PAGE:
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Strategy might work

Oct 07,2014 - Last updated at Oct 07,2014

It has been more than two weeks since Palestinian President Mahmoud Abbas delivered what became known as his strongest speech from the UN’s General Assembly podium.

This time, the 75-year-old leader did not offer compromises or speak hopefully about the two-state solution. He condemned “Israeli genocide” in Gaza and vowed that the Palestinian people will not “forget and will not forgive, and will not allow war criminals to escape punishment”.

He talked about Israel’s “colonialist occupation and racism” against the Palestinians.

And his message to the West and to Israel was clear: The Palestinians will not be resuming futile negotiations while Israel continues to ignore commitments, and builds and expands illegal settlements in East Jerusalem and the West Bank.

For negotiations to start, they must have the final objective of ending the occupation and establishing an independent Palestinian state along the 1967 borders, according to a firm deadline.

It is evident that Abbas has given up on decades of US-sponsored peace talks that keep failing to deliver the most basic Palestinian demands.

Coming from the man who engineered the Oslo talks more than two decades ago, which led to the signing of the historic Washington Accords in 1993, the speech underlined a major shift in Abbas’ outlook and strategy. 

He called on the Security Council to back up a resolution that sets a deadline for Israeli withdrawal — within three years, according to Palestinian officials.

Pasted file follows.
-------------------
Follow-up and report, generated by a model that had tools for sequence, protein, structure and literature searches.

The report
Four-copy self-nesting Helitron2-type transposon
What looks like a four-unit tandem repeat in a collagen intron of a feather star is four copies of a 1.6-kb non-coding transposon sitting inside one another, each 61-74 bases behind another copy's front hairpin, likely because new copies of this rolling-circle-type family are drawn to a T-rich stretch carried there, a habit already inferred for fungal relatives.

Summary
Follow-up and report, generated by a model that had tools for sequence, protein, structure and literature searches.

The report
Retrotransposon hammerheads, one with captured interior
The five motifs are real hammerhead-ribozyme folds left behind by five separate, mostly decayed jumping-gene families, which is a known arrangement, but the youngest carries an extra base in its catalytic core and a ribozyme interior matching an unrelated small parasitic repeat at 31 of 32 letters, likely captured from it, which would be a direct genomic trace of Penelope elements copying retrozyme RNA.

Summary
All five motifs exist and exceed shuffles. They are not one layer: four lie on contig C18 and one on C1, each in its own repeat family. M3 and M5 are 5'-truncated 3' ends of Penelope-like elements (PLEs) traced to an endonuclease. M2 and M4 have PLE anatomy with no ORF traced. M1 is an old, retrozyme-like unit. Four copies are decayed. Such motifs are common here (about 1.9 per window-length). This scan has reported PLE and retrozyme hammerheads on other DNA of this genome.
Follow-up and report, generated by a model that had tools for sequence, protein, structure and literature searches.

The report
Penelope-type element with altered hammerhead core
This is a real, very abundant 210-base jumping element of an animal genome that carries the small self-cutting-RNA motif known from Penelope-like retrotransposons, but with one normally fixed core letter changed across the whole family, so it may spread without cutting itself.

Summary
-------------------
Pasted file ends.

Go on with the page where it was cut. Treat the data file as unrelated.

As expected, the speech was criticised by the US, which described it as “deeply disappointing” and “offensive”, and condemned by Israel.

The reaction elsewhere was muted. Unfortunately, while Abbas delivered his game-changing speech, the world was focused on another crisis: the growing danger of the so-called Islamic State to Iraq and Syria.

This is disappointing, to say the least.

The change in strategy by the Palestinian president comes at a time when hope for a two-state solution in Palestine is quickly fading.

Israeli Prime Minister Benjamin Netanyahu provided no way out and attacked Abbas, while comparing the Islamist resistance movement Hamas in Gaza to IS.

If the Palestinians go ahead and submit a draft resolution to the Security Council, it will put Abbas and his fumbling authority on a new path altogether, regardless of the outcome of the vote.

The US will surely veto the resolution — it is trying to submit one on Gaza with Arab allies — but it will be interesting to see how many countries support it. 

The 51-day-war on Gaza, which left more than 2,000 dead, mostly children and women, triggered a new global campaign of sympathy with the Palestinians. And despite inter-Palestinian rift, it handed Abbas, who remains critical of Hamas, some important bargaining chips.

The question now is this: Has Abbas embarked on a one-way journey to challenge and end Israel’s occupation?